By Maddie Rothfield @MaddyRothfield
The Centers for Disease Control released a Food Safety Alert last Tuesday afternoon. The alert warned consumers not to eat romaine lettuce, and retailers and restaurants not to sell any. The alert came just before Thanksgiving, causing many Americans to change meal plans and throw out their romaine lettuce.
An E. coli outbreak has affected 43 people in 12 states, including one case in Maryland. Along with providing people another reason not to eat salad, the outbreak has caused widespread problems for the agricultural community. Luckily, Maryland’s farming community has not been impacted by the ban.
Charles Schuster, the horticulture consultant of the Montgomery County Office of Agriculture, said that, “We have farmers that grow romaine lettuce, but it’s past season because it’s too cold here right now. The farmers have not been impacted themselves, but of course there is consumer drawback.”
The County has also been taking steps to prevent citizens from consuming romaine lettuce and getting sick. Mary Anderson, the Public Information Officer for Montgomery County Health and Human Services, commented with regard to how they are getting the word out: “We’ve been using social media to send out messages that reinforce the messages that have been coming from the CDC, the FDA, and foodsafety.gov.”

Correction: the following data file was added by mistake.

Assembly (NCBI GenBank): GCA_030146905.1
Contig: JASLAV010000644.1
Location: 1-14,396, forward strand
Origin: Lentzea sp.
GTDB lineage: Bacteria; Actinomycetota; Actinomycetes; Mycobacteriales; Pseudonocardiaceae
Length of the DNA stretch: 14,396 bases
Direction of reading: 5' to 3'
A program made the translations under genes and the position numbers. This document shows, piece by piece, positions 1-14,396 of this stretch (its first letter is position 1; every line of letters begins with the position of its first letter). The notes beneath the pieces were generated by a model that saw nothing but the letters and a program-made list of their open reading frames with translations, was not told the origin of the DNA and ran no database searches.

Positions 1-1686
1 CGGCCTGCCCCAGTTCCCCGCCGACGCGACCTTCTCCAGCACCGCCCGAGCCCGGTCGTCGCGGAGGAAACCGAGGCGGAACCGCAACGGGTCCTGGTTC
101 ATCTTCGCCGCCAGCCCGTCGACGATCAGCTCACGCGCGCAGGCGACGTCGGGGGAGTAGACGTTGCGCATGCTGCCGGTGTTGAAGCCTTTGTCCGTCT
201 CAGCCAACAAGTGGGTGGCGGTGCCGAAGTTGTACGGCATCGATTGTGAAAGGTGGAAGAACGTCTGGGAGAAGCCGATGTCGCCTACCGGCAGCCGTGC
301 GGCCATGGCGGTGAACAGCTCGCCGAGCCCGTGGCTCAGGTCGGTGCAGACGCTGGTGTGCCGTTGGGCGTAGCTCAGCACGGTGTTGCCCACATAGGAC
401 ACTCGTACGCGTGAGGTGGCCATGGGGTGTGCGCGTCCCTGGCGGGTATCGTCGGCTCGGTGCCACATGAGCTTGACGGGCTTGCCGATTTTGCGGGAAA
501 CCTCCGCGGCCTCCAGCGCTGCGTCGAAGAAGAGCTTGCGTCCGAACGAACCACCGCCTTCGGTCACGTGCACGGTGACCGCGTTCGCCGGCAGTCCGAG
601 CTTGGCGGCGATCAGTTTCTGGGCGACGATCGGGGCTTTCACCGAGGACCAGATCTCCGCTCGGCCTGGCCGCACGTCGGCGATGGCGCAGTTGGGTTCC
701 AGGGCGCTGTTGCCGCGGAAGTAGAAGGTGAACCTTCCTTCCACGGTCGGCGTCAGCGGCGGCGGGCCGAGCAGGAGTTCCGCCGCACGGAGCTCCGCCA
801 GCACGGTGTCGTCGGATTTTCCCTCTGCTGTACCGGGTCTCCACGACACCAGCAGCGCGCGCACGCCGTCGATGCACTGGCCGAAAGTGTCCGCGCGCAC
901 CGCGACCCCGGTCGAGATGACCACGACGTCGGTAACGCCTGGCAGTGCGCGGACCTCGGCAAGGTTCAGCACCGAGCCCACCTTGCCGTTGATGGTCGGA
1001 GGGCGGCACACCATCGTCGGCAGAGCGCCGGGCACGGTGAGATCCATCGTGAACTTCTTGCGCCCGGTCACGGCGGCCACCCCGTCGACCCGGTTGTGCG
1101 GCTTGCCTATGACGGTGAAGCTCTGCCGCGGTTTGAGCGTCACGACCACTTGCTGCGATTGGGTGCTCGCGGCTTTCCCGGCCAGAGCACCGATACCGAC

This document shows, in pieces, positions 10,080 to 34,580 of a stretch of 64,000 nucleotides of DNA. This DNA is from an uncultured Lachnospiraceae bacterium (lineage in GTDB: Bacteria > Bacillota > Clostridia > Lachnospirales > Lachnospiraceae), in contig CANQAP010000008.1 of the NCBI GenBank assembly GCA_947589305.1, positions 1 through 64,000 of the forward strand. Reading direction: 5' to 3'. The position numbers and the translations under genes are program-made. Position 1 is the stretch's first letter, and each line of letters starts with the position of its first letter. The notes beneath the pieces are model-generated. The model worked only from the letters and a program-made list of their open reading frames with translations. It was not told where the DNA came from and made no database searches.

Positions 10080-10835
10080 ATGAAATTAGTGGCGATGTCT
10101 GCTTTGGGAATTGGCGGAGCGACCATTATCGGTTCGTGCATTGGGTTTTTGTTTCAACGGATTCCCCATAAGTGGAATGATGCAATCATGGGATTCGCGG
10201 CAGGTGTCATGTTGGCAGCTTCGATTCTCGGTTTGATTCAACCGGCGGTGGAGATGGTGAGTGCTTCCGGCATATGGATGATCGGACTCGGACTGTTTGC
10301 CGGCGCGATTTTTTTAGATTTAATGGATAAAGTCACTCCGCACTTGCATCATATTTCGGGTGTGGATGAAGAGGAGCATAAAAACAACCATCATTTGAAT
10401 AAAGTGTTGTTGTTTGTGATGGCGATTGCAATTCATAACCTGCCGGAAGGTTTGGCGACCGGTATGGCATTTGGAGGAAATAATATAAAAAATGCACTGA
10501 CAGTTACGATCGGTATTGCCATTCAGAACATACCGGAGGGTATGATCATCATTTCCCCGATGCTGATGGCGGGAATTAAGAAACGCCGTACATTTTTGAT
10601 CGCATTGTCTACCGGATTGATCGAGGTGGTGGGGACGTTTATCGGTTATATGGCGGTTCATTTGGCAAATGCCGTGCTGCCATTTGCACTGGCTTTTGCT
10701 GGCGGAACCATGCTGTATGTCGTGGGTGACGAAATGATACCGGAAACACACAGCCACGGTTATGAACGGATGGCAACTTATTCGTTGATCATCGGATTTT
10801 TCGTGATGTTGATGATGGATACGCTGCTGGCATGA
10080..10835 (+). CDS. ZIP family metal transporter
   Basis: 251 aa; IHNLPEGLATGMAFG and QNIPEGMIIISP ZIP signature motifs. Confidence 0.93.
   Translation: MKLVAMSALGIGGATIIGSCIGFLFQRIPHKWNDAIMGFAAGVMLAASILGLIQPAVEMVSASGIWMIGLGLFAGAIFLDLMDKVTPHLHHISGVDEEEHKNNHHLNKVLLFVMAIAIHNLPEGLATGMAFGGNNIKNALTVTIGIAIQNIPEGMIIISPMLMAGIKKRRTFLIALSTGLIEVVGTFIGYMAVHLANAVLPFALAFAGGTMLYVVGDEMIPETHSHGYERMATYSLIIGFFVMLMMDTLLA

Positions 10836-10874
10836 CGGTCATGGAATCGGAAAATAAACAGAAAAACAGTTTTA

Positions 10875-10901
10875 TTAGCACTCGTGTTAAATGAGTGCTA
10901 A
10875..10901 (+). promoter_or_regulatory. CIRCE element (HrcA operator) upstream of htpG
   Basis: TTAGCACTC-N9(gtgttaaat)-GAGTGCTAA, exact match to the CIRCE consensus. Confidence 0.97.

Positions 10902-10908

Local restaurants have felt the effects of the outbreak as well, with many not being able to make popular dishes or sell salads. However, the Parkway Deli, located in Silver Spring, said that the ban has not led them to change dishes too drastically. They have substituted green leaf lettuce for romaine, to which customers haven’t seemed to object.
The FDA and CDC have announced that they have narrowed the suspected infected region of lettuce to the northern and central areas of California. FDA commissioner Dr. Scott Gottlieb said in a statement released on Monday that the outbreak stemmed from the end-of-season romaine lettuce, harvested toward the end of summer.
If you plan on buying romaine lettuce, the agencies advise consumers to make sure it is not from the infected region. The FDA believes the market has generally been purged of infected lettuce due to the clean break of lettuce supply.
Consumers are urging Gottlieb and the FDA to designate leafy greens as a high-risk food category in response to multiple outbreaks in the past few years. Further, the FDA is being pushed to implement the Food Safety Modernization Act traceability requirements, which were intended to go into effect in 2012. The Act is meant to transform the nation’s food-safety requirements to prevent foodborne illness.
Schuster praised local farmers, saying, “The Food Safety Modernization Act has got the attention of all the farmers in this region, and they are doing a great job of trying to ensure that food is fully safe.”
The leafy greens industry has agreed to create a task force to help ensure the safety of lettuce through labeling and traceability.